|Official title||Phase 4, School-based, Open-labeled Research Trial for Control of Epidemic Influenza Through a School-based Influenza Vaccination Program in Central Texas.|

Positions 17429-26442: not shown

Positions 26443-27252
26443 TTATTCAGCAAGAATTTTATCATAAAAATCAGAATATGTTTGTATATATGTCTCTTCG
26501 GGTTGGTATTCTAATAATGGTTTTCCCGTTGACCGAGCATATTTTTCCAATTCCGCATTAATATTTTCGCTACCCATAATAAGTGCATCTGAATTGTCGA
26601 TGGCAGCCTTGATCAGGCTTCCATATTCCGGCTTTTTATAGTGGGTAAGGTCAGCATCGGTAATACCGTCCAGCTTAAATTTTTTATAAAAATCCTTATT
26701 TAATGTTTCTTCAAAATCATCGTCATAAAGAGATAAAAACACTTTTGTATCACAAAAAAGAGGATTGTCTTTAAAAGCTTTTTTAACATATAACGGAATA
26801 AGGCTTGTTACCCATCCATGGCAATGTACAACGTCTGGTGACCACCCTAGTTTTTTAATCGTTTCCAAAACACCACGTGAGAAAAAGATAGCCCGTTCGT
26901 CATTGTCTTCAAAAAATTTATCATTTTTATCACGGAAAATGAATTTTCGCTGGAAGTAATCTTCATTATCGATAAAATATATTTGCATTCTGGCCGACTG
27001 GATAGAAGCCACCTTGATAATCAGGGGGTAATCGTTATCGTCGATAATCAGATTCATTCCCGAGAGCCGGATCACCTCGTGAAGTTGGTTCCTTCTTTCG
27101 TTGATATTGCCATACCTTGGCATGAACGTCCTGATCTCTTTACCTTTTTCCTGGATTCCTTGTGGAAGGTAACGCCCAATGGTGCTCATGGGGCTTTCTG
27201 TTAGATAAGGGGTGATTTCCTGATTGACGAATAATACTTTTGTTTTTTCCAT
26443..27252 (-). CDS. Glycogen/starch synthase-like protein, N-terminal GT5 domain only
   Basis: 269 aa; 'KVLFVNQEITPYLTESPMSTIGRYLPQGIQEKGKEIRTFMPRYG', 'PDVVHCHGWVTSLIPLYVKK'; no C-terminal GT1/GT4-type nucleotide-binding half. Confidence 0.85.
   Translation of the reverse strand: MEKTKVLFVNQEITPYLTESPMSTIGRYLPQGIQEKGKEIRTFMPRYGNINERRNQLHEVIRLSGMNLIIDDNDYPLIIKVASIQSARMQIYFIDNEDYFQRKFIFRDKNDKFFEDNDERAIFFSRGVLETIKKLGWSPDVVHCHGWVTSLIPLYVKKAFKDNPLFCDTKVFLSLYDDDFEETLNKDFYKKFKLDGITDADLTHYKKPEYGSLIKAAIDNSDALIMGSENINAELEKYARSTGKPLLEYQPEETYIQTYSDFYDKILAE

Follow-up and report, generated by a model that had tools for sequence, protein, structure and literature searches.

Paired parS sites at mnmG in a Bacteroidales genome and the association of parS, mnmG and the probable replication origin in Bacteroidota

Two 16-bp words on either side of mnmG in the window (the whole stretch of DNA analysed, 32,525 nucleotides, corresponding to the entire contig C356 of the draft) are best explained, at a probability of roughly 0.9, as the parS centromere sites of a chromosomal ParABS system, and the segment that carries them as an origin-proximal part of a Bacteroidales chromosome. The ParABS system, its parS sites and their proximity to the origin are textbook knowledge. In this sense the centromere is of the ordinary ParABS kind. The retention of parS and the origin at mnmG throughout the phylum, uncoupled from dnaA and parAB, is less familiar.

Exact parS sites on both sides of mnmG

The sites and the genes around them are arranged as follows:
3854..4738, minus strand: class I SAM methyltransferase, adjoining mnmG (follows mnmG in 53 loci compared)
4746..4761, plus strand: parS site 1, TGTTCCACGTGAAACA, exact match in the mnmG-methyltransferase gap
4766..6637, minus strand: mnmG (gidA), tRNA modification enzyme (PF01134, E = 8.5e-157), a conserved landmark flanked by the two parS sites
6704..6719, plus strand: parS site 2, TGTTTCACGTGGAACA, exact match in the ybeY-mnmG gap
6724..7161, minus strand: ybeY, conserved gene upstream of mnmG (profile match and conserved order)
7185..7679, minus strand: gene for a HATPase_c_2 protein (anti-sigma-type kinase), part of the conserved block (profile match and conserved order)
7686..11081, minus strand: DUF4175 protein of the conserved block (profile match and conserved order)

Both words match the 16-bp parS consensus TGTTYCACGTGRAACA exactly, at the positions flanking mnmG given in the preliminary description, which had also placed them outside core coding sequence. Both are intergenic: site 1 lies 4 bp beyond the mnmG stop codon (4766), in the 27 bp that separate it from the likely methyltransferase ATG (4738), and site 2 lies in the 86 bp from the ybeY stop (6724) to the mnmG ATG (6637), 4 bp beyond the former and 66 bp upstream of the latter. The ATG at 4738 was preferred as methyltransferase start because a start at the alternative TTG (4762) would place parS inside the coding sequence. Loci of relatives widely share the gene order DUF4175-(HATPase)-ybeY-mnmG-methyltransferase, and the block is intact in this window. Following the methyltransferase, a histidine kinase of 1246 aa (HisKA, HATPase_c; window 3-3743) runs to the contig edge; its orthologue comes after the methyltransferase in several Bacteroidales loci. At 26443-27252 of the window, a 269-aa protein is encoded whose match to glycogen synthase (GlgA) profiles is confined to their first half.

|Description||In this renewal application (2008-2012), the study goal is to control epidemic influenza through active immunization of healthy school-aged children with the cold-adapted, trivalent, live, attenuated influenza vaccine (LAIV)and at-risk children with the inactivated influenza vaccine (IIV) through a school-based vaccination program. The hypothesis is that universal vaccination of healthy school-aged children is an alternative and effective strategy for the control of epidemic influenza, and will serve as a model for the control of pandemic influenza and biodefense. The specific aims of the study are: to control the spread of influenza to susceptible adults 35 years of age or older by vaccination of school-aged children 4-18 years of age; to control the spread of influenza to susceptible children and young adults less than 35 years of age by vaccination of school-aged children 4-18 years of age; to develop a school-based vaccination program for rapid and timely delivery of LAIV and IIV to children 4-18 years of age; to demonstrate in school-aged children the direct and total effectiveness of influenza vaccines to reduce the rates of medically attended acute respiratory illness (MAARI) in LAIV and IIV recipients during influenza epidemics; and to capture safety information on LAIV post-licensure. This is an open-label, up to four year community-based study. In each of the first three study years, school-aged children (4 through 18 years of age) who receive medical care at the Scott & White Clinics (SWCs), Temple-Belton area, Texas, will be asked to participate in this study. Study participants will receive LAIV or IIV according to their health status. Other children from Temple-Belton area who do not receive medical care at the SWC will be invited to participate in the study and may receive LAIV or IIV. A comparable population enrolled in the SWCs in Waco/McLennan County area and Bryan/College Station will serve as comparison groups. In the fourth and final year of the study, LAIV will not be provided through the study. However, influenza surveillance will continue and MAARI data will be collected to assess continued protective benefit of influenza vaccines. The final year will also be devoted to completion of data analysis and preparation of manuscripts. Children 4 years through 8 years who have not previously been vaccinated with an influenza vaccine will be offered a second dose 4 to 6 weeks after the first dose. The influenza vaccines will contain the three influenza virus strains chosen by the FDA. Each subject will receive by nasal spray a 0.2 ml dose (0.1 ml in each nostril) of the LAIV or 0.5 ml intramuscularly. The duration of each study year is approximately five to ten months, from the time of enrollment (August to January, at the discretion of the investigators) depending on vaccine availability and the timing of influenza activity, to the end of the influenza season (May).|